ECONOMIC BENEFITS OF FOREST CONSERVATION
Accelerating the Transition to Resource-Efficient Societies
Global society is already struggling to manage the planet's natural resources. Escalating resource use is causing significant environmental degradation and depletion of key natural resources, impacting long-term economic growth and sustainability, and contributing to global inequalities. With the population set to grow from seven to 9 billion by 2050, and global urbanization levels to reach 70 per cent, planetary resources will come under increasing pressure under current consumption and production processes, demands of a growing middle class, expanding cities and building construction and the need for enhanced services and infrastructure development. UNEP's Resource Efficiency sub-programme aims to promote sustainable natural resource use so that well-being and prosperity can be achieved within the Earth's ecological constraints and capacities.
Sustainable Consumption and Production (SCP), which beats at the heart of UNEP's resource efficiency and green economy work, has gained traction in recent years, and 2014 saw even greater momentum. SCP was high on the agenda as over 100 nations gathered for the first-ever United Nations Environment Assembly in June; as a result of UNEP's active involvement in the drafting of the Sustainable Development Goals, a stand-alone goal on SCP (Goal 12) is paving the way for global and concerted action.
UNEP and partners have been busy laying the foundations for this action, and in 2014 a multi-stakeholder platform that aims to empower the world to accelerate the transition to SCP patterns kicked off its first four programmes. The Secretariat of the Ten-Year Framework of Programmes on Sustainable Consumption and Production Patterns (10YFP), hosted by UNEP, launched its Sustainable Public Procurement, Consumer Information, Sustainable Tourism, and Sustainable Lifestyles and Education Programmes—which are engaging 143 governments, non-governmental organizations and business associations. Programmes on Sustainable Buildings and Construction as well as Sustainable Food Systems are expected to be launched in early 2015.
To further support the transition to resource-efficient societies, policy makers need solid science and a better understanding of how to decouple economic growth from environmental degradation and natural resource use. UNEP helps provide this by hosting the International Resource Panel (IRP), which released three scientific assessments in 2014, including Building Natural Capital: How REDD+ Can Support a Green Economy. The report showed how an investment of $30 billion per year—compared to the $480 billion paid in fossil fuel subsidies—in the REDD+ forest conservation and restoration initiative can ensure the well-being of tens of millions in developing countries. Additional knowledge will come from the Green Growth Knowledge Platform (GGKP), which UNEP co-manages with the Global Green Growth Institute. The GGKP is a partnership created by the World Bank, the Organisation for Economic Cooperation and Development, GGGI and UNEP to identify and address knowledge gaps in green economy theory and practice. The partnership has expanded to over 35 leading organizations since its creation in 2012.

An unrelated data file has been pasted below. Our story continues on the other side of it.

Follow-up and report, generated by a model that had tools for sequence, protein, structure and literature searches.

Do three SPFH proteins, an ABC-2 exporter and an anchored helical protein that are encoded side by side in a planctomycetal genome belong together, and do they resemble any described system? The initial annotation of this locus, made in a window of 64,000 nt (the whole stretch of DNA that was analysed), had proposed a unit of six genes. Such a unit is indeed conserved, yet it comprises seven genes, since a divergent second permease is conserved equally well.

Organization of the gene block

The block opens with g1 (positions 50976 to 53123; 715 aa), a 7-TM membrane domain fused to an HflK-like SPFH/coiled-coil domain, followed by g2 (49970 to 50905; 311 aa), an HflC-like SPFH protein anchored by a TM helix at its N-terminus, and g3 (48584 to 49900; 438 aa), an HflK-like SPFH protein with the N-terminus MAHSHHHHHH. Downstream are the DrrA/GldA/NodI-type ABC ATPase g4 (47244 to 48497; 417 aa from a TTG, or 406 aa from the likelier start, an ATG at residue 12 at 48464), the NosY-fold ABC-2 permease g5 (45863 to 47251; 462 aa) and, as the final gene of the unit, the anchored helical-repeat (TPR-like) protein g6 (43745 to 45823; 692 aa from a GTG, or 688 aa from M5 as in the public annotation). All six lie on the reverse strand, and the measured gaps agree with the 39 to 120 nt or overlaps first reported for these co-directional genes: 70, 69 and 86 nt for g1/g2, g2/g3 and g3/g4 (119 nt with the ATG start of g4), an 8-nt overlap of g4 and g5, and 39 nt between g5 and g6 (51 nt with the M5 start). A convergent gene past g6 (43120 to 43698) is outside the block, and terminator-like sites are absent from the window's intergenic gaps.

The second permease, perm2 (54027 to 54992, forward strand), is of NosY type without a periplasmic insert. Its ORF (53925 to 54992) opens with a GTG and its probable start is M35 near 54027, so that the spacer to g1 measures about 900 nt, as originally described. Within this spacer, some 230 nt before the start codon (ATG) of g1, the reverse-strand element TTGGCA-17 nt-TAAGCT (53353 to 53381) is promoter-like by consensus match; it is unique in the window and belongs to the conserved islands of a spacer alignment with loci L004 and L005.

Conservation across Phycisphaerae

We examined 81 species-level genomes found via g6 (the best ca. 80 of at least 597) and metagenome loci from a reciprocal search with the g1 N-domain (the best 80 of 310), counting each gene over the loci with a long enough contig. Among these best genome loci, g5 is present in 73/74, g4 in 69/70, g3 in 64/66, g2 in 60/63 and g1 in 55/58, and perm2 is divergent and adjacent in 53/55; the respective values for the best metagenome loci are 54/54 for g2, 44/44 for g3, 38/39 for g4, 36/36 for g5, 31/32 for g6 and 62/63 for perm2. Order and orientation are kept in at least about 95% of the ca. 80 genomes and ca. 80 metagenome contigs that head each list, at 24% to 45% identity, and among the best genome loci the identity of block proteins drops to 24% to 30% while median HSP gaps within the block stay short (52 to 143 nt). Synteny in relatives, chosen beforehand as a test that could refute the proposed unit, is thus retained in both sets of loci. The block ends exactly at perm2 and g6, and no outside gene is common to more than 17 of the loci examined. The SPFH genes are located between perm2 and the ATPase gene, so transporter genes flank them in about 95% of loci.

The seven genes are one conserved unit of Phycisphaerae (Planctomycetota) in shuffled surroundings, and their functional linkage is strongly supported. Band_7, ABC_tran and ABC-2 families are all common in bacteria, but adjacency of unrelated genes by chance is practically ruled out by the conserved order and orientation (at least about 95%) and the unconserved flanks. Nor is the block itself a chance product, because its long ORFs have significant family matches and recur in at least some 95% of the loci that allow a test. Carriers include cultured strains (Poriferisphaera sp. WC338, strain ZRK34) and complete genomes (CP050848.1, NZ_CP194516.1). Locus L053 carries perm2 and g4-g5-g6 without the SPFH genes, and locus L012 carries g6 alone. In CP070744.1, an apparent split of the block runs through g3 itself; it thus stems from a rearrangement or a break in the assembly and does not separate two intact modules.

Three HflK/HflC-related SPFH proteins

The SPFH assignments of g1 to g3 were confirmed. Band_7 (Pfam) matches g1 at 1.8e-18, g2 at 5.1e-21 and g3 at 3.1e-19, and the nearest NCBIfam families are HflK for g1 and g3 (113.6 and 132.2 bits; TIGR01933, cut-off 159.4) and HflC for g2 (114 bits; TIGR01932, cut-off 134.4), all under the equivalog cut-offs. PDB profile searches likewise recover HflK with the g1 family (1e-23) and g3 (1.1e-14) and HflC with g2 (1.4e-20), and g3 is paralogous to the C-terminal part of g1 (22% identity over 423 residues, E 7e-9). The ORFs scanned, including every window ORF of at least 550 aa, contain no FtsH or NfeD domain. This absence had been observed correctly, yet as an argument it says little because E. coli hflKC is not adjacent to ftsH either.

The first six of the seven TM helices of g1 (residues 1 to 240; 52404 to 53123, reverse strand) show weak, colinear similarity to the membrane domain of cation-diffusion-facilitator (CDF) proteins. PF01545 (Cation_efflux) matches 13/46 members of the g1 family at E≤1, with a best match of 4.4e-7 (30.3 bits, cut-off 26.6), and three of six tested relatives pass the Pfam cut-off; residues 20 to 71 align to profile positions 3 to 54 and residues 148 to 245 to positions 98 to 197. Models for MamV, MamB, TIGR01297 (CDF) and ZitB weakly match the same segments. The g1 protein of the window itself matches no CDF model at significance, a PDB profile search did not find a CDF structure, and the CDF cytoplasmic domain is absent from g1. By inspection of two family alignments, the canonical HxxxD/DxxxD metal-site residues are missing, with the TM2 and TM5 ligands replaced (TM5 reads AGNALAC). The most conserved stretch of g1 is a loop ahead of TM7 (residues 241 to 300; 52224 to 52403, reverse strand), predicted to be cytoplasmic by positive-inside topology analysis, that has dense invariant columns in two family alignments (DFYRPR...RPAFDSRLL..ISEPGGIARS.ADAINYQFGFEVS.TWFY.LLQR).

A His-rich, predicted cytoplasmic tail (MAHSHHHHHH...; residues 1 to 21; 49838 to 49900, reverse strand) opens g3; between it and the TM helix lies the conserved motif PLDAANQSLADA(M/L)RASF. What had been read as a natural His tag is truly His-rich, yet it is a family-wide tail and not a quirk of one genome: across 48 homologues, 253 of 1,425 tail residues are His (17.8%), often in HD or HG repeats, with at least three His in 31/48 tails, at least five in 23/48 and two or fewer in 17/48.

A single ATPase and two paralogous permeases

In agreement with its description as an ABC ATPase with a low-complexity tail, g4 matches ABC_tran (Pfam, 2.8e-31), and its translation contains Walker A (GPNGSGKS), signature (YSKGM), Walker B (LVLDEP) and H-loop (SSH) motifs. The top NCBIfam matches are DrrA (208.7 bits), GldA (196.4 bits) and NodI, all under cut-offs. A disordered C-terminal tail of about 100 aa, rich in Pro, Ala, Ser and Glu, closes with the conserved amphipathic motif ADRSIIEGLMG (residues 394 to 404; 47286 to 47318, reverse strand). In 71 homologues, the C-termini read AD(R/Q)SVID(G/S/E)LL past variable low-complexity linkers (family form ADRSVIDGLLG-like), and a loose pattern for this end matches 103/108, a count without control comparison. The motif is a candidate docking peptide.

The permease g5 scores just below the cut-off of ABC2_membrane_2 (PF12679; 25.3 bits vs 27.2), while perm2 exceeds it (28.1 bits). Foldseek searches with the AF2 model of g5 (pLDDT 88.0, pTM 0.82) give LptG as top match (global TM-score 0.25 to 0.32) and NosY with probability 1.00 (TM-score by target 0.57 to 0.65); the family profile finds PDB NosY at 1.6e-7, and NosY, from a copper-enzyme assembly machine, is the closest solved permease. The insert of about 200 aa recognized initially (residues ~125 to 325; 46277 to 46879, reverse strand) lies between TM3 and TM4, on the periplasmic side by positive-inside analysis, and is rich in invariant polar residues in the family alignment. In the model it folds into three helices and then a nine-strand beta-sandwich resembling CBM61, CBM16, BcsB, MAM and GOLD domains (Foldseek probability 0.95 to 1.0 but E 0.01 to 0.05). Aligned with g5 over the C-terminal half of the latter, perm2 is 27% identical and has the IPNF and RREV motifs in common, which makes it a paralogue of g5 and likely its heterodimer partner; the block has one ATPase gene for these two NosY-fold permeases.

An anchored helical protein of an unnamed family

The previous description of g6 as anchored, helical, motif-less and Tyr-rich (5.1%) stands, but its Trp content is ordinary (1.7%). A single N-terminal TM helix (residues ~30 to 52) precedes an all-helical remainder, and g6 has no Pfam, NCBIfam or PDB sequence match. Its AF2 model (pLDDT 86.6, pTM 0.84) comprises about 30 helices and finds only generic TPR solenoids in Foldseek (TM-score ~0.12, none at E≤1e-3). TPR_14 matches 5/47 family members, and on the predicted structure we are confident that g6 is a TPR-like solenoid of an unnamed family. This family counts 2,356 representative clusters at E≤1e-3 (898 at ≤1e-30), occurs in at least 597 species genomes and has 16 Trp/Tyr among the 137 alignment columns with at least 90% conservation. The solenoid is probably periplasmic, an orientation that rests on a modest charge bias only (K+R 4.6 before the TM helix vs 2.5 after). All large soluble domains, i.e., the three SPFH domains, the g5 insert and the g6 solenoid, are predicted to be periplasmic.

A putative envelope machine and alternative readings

BUSINESS CASE FOR ECO-INNOVATION
ADVANCING A GREEN ECONOMY
In 2008, when UNEP launched its Green Economy Initiative, only a handful of countries were engaged in the issue. Today, 65 countries have embarked on green economy and related strategies; 48 of them are developing green economy plans as part of their sustainable development strategies. The Partnership for Action on Green Economy (PAGE)—a UNEP-hosted partnership of five UN agencies—is on its way to its goal of supporting 30 countries. Mongolia adopted a national Green Development Strategy in June 2014, one year after joining PAGE, and the green economy is embedded in global discourse—for example, the third Small Island Developing States (SIDS) conference in Samoa in September 2014 endorsed the approach as an important tool for achieving sustainable development and poverty reduction.
PRIVATE SECTOR ENGAGEMENT
Small- and medium-sized enterprises (SMEs) are the social and economic backbone of most countries, and therefore a key driver of the transition to a resource-efficient economy. UNEP works with businesses through several initiatives, such as the Resource Efficient and Cleaner Production Network (RECPnet), which saw an increase in membership from 55 to 69 in 2014 (see In Focus for an example of how this helps businesses). Eco-innovation can boost the profitability and sustainability of such businesses, and UNEP launched the Business Case for Eco-Innovation in November, highlighting benefits such as increased market access, value creation, and business growth of at least 15 per cent. RECPnet members in Africa, Asia and Latin America and the Caribbean will work with SMEs in the metals, chemicals and agri-food sectors, targeting over 40 companies.
UNEP, drawing on the work of UNEP FI's practitioner network and the UNEP Inquiry's work on the rules that shape the financial system, will help to advance a financial system aligned to sustainable development."
In May, the Sustainable Buildings and Climate Initiative (UNEP-SBCI) released Greening the Building Supply Chain, which looked at how to make the building sector more sustainable. One Swedish company followed the recommendations, and changed its sourcing and selection of construction materials. UNEP also engaged with governments in ensuring more sustainable business practices, and in 2014 worked with Brazil, France, South Africa and others in assessing the impact of their corporate sustainability reporting policies.
GREEN ECONOMY IN ACTION